Is there a moral here for us in Canada? If we follow the U.S. trend the philanthropic pie will continue to shrink in this country too. In fact corporate philanthropy has already begun to show signs of decline. Total corporate contributions dropped from .97 per cent of pre-tax profits in 1965 to .62 per cent in 1971. In absolute terms, the peak was reached in 1967 at 74 million dollars and then declined in 1970 to 68.5 million. At the same time the share of corporate donations allocated to cultural projects increased from 2.4 per cent in 1965 to 5.4 per cent in 1971. In absolute terms, this represents an increase from approximately 1.5 million dollars to 4 million dollars that went to the arts and other cultural programs. If the pie is getting thinner and the slices smaller,Canadian charitable organizations may be well-advised to look to their own stewardship techniques and management methods. It is not enough to do good; you must do it efficiently.

Greater emphasis is being placed on evaluation. Many U.S. foundations require all grant applicants to submit a statement describing their proposed method of evaluation and, in the event of a grant, to submit periodic reports of evalua­tion results. Evaluation is described as the process by which the applicant attempts to ascertain the true value of its program. One foundation tells applicants that, except in extraordinary circumstances, every program should have a method of evaluation built into it. The same foundation states unequivocally that no program can be well managed without paying careful attention to evaluation.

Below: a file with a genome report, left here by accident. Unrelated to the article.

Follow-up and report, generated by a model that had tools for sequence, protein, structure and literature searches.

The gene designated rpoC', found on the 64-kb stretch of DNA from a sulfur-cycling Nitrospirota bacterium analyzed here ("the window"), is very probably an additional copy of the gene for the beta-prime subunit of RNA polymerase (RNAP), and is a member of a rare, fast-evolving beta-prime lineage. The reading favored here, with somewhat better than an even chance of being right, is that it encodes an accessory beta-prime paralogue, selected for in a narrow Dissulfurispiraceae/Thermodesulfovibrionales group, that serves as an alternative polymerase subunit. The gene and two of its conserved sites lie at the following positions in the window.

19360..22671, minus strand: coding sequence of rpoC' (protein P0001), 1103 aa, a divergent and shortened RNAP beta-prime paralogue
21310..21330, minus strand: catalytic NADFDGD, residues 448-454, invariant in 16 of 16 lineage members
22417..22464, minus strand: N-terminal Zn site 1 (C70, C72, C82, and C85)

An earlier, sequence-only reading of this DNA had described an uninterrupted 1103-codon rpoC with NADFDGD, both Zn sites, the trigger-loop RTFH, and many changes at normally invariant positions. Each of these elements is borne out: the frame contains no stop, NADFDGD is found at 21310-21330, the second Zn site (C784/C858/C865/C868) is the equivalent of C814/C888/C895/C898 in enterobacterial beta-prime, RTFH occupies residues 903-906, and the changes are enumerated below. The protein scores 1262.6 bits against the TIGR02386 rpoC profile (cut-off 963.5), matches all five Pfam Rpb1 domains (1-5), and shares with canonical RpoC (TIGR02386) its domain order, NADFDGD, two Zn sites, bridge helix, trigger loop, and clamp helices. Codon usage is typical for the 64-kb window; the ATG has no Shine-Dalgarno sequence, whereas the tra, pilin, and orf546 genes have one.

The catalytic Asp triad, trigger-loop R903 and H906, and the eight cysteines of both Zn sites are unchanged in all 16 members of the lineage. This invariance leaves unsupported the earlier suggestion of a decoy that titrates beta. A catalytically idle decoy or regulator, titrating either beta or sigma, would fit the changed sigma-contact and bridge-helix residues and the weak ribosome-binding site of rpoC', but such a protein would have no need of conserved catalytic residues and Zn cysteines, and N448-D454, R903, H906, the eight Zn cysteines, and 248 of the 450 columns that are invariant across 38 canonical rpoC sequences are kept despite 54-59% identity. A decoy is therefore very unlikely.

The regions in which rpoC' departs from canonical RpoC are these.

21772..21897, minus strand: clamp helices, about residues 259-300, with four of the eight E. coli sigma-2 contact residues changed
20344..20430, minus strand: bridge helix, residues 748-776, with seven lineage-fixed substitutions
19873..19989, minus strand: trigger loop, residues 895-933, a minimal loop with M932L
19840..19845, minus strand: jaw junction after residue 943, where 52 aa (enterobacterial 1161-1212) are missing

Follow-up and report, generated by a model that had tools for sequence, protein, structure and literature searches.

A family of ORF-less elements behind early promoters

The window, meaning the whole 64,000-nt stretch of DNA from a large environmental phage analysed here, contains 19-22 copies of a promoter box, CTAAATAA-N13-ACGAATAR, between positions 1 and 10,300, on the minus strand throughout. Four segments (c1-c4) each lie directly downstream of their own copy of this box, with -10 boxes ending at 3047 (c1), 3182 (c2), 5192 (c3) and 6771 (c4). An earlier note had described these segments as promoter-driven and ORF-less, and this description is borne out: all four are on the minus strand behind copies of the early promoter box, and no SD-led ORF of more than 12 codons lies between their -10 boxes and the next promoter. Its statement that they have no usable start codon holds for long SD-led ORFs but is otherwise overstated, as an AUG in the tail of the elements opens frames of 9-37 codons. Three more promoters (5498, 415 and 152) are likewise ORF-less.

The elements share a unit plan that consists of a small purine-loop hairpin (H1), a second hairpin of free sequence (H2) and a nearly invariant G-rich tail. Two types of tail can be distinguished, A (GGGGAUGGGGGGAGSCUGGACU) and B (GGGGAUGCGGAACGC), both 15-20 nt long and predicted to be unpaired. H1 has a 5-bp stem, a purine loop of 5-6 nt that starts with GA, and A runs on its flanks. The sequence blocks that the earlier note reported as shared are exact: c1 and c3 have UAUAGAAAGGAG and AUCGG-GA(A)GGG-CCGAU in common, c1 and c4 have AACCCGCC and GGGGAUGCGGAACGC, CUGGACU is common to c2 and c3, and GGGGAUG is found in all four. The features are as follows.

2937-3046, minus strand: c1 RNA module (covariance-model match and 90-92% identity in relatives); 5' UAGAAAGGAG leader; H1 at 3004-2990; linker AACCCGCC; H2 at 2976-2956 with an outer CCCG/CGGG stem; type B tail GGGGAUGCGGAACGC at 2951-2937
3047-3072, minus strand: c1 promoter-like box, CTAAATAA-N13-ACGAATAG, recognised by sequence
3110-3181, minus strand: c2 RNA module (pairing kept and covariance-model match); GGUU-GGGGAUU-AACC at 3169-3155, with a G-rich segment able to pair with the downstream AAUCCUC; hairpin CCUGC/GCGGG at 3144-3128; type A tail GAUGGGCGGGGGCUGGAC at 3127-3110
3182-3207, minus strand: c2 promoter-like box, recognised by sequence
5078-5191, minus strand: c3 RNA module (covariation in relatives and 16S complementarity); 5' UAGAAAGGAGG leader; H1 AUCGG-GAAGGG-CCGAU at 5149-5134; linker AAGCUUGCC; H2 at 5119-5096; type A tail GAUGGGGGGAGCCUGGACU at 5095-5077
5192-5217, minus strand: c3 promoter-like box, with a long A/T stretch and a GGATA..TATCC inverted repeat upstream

The theme of the Cleveland conference was the sharing of responsibility between donors and donees for a more humane, just, stable and productive social order not only in the United States but around the world. The world-wide outreach of American assistance was highlighted at a clinic on International Philanthropy and was stressed again in an address by Ambassador Carol Laise, Assistant Secretary of State for Public Affairs, who emphasized that no nation can make decisions motivated by domestic concerns alone and unmindful of the impact on others.

And Dr. Cynthia Wedel, National Chairman of Volunteers for the American Red Cross and Associate Director of the Centre for a Voluntary Society, echoed the same sentiment when she drew attention to what she saw as a major change slowly emerging in our world, a shift from competition to cooperation as a fundamental factor in human relationships. Dr. Wedel urged both donors and recipients of philanthropic gifts to move beyond traditional programs. They were no longer adequate in a period of crisis. She said: